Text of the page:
Greece’s economy contracted for a 20th quarter, extending an economic slump that has left more than six in 10 young Greeks out of work.
Gross domestic product shrank 4.6 percent in the three months through June from the same period last year after dropping 5.6 percent in the previous quarter, the Athens-based Hellenic Statistical Authority said in an e-mailed statement today. The median of six economist estimates in a Bloomberg News survey was for a 4.9 percent contraction. Greece doesn’t publish seasonally adjusted or quarter-on-quarter GDP data.
Greece is in the sixth year of a recession deepened by budget cuts linked to a 240 billion-euro ($319 billion) bailout from the euro area and the International Monetary Fund. The unemployment rate reached a record 27.6 percent in May, with a jobless rate of 64.9 percent for Greeks aged 15 to 24.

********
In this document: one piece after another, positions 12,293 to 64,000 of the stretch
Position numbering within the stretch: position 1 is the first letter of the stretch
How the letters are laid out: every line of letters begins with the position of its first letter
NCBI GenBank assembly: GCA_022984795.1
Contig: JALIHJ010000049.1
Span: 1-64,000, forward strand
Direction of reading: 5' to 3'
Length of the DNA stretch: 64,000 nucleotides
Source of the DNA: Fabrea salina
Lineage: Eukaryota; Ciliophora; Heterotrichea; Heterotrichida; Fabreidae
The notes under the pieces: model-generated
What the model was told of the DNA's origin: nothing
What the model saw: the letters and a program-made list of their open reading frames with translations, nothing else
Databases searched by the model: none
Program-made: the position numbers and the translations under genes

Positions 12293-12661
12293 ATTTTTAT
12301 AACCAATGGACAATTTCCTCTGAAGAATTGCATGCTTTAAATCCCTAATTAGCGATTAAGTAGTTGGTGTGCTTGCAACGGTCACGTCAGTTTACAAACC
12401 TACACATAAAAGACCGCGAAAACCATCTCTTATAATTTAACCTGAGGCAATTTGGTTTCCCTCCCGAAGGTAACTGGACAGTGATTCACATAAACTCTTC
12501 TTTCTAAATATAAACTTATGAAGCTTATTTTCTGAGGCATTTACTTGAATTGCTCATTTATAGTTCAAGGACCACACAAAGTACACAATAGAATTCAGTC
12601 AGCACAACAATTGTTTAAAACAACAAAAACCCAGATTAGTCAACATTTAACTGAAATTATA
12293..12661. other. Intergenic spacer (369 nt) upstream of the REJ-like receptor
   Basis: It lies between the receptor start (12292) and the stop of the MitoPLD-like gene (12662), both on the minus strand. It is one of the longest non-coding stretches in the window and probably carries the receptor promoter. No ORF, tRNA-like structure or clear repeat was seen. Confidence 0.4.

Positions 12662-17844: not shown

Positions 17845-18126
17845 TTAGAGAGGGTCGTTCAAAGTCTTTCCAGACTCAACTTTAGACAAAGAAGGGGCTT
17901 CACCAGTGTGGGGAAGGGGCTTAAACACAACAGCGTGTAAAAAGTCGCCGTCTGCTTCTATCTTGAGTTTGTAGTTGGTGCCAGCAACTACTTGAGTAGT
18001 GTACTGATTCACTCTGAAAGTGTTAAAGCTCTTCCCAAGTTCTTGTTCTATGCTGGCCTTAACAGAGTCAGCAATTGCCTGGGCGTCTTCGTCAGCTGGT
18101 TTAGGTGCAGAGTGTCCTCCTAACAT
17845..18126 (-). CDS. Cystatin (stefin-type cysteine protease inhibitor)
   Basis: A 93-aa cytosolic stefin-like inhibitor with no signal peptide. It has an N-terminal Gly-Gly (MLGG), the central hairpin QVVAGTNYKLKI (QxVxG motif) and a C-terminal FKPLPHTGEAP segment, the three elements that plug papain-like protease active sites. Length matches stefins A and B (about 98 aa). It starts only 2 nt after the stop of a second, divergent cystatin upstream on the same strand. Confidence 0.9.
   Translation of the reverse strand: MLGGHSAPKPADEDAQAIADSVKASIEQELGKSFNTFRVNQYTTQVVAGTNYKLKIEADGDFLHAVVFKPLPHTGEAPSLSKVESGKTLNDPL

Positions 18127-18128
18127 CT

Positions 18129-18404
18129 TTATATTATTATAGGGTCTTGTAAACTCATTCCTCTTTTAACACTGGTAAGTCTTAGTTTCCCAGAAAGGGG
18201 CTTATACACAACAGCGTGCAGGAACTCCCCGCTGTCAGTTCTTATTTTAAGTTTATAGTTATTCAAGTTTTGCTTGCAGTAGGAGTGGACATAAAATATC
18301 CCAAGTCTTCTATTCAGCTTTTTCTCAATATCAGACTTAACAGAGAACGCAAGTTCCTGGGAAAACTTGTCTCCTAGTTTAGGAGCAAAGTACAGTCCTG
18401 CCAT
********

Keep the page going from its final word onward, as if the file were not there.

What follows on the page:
GDP fell 6.4 percent last year and economic output has contracted by more than a fifth since the start of Greece’s slump. IMF staff said in a report on July 31 that GDP will drop by 4.2 percent this year before the economy grows again in 2014.
The report also said Greece will probably need more money and debt relief to meet the aid program’s targets. The fund’s staff said 4.4 billion euros of financing has yet to be identified next year under the rescue package.
Greek Finance Minister Yannis Stournaras ruled out closing the gap through a new round of spending cuts and tax increases in a Bloomberg TV interview last week. “Further austerity is not a solution to the problem,” he said.